© The Hollywood Home

The Lawrence Welk Residence
Built in 1952 as a spec house, the three-bedroom home is more than just cool: It was once owned by the beloved entertainer Lawrence Welk, who was drawn to the house, in part, for its proximity to the city’s many golf courses.

This stunning 1951 midcentury modern home in the star struck historic El Mirador neighborhood.  Meticulously restored during the past year, this is the first time this home has been on tour for Modernism Week since its completion.

The gorgeous estate is the former home of Lawrence Welk, the American big-band leader and TV personality from “The Lawrence Welk Show” who created ballroom “Champagne Music” and lived in the home until 1978.

The large 3-bedroom/3 bathroom home is nearly 2,800 square feet. Set in a beautiful park like setting among the former homes of Lucy and Dezi Arnaz, Eddie Cantor, Truman Capote and Keely Smith, this exquisite midcentury beauty embodies all of the simple luxury and Palm Springs magic of the early 1950’s.

Gorgeous gardens and spectacular mountain views must have captured the Welks as well as the Lennon Sisters who were frequent quests.  Now you have the opportunity to peek behind the gates of this rarely seen gem.

Ticket sales of the Lawrence Welk home tours benefitted the Historic Plaza Theatre restoration project and Modernism Week.

Walker Guest House
A stunning, full-scale, and furnished replica of architect Paul Rudolph’s iconic 1952 Walker Guest House was placed in “the pit” of the Palm Springs Art Museum, across the street from the brand new Kimpton Rowan Hotel.

The Walker Replica is a shining example of the Sarasota School of Architecture movement (1941-1966). The truly indoor/outdoor house was designed specifically for the subtropical climate of Sanibel Island, Florida.

The house is just 575 square feet. Each wall has two screens, covered by wooden flaps and a glass pane. The flaps, which provide security and shelter from sun (and the frequent Florida rain) are adjusted by a weight and pulley system similar to sails. Cleats inside the house are used to secure the ropes. For obvious reasons, the house is also known as the Cannon Ball House.

Ojo Del Desierto, or Eye of the Desert
Once the highest hillside home in the valley, the Ojo Del Desierto, or Eye of the Desert, was designed by architect William Charles Tanner and built for the fabulously wealthy oil magnate Thomas O’Donnell in 1925. The home is settled on the sheer mountainside and the expansive terrace of the O’Donnel House seemingly floats on the desert floor.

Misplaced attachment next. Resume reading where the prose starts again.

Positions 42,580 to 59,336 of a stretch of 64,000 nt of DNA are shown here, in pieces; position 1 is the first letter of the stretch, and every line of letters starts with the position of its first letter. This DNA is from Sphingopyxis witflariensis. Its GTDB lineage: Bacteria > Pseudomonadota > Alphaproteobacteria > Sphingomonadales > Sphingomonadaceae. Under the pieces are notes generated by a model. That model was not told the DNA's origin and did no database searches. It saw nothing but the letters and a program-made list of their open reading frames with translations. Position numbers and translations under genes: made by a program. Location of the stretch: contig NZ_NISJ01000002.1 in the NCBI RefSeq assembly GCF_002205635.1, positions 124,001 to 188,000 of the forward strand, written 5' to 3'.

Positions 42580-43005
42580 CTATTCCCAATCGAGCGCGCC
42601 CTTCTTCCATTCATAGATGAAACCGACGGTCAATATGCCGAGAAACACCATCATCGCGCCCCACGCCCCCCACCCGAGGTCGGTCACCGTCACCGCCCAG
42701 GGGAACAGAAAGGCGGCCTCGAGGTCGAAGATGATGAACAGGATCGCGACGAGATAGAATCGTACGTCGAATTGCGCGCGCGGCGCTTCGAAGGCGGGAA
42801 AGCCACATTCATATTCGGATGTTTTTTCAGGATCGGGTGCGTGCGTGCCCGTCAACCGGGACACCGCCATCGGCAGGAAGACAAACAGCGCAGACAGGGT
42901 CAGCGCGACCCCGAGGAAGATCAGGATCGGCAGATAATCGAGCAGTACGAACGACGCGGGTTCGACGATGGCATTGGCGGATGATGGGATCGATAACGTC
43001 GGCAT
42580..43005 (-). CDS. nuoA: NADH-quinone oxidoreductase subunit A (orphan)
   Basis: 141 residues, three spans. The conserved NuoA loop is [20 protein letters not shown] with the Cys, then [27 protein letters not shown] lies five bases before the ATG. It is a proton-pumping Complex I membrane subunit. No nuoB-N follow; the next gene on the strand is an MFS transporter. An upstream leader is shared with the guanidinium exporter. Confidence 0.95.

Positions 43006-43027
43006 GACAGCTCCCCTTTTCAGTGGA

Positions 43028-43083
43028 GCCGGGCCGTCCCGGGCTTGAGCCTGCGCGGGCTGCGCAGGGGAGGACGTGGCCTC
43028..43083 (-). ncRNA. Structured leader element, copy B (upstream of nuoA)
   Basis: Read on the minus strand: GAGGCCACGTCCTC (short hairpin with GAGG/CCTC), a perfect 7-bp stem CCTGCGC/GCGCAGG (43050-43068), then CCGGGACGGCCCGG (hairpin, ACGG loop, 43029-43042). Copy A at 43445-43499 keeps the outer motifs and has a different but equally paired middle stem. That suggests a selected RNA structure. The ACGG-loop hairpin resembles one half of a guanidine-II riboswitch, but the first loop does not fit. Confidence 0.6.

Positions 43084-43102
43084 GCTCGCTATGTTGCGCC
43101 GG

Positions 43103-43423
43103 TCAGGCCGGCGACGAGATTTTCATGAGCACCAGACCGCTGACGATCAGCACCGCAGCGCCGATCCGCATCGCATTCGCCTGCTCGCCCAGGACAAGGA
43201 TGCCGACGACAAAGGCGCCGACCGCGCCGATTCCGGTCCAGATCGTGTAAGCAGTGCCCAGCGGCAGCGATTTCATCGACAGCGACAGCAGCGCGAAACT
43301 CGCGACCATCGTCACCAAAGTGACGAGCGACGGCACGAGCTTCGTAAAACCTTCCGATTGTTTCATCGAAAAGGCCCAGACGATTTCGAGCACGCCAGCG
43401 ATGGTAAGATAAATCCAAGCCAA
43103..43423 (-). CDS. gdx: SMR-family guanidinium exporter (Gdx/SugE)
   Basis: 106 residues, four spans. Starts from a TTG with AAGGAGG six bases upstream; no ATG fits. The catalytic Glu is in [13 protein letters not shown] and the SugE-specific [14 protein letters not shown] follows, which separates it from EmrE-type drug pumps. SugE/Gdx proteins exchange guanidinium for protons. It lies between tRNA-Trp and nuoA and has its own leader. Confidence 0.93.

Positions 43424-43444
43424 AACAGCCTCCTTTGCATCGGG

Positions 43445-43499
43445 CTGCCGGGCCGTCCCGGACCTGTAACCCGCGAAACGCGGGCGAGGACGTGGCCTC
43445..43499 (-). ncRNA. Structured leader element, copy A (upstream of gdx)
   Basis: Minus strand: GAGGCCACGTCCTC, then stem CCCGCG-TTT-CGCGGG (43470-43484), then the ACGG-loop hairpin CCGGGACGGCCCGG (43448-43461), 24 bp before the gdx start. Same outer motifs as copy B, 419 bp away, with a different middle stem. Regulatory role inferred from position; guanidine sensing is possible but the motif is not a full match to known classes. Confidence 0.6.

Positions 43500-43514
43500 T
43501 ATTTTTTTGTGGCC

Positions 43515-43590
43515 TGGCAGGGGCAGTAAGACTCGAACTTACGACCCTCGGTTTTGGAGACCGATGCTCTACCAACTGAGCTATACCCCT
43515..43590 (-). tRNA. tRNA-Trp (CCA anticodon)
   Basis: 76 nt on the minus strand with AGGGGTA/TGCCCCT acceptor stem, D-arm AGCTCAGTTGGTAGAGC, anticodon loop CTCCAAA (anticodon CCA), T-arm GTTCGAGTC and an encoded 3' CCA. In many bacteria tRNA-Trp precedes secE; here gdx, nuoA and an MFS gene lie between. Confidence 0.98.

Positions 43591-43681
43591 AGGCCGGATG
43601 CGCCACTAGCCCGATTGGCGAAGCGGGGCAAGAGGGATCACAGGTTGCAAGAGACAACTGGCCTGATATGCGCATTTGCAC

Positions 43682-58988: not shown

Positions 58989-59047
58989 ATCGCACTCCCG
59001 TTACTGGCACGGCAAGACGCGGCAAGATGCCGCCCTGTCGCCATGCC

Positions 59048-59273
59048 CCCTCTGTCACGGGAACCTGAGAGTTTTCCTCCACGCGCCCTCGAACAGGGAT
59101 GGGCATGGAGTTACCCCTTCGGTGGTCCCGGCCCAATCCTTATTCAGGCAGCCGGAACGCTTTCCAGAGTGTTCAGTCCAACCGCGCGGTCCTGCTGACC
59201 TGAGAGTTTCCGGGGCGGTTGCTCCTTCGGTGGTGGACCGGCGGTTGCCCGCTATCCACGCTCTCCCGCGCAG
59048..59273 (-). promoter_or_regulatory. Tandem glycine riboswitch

O’Donnell carefully perched the estate to allow the most spectacular view of the entire valley. Meticulously restored and listed in the National Register of Historic Sites, the O’Donnell House features original and rare art tile floors and bathroom tiles hand manufactured by Batchelder, Malibu, Taylor, S&S and Gladding McBean.

The wrought-iron gates and grilles were famous for their intricacy and craftsmanship. The house boasts redwood ceilings, antique furnishings, and gorgeous period appointments.

It is one of the oldest extant buildings in Palm Springs.

The house was incredibly modern for its time.

The home is not to be missed by any architecture buff.

The exquisite views from the terrace and gardens of the desert below and the mountainside are unparalleled.

Downtown Shopping
Of course, we had to make time for a little shopping downtown followed by brunch at the iconic mid-century hangout Sherman’s Deli.

Vintage Trailer Show
And, last but not least, one of the most popular events of Modernism Week is the Vintage Trailer Show. It’s one of the most celebrated and exciting events of the second weekend.

This thoughtfully curated collection of vintage trailers, campers, buses and motor homes is arguably one of the largest and most attended vintage trailer shows in the United States.

Year after year the Modernism Week Vintage Trailer Show continues to surprise and delight attendees with some of the most stunning, unique and rare vintage RV’s.

We hope to see you at Modernism Week next year!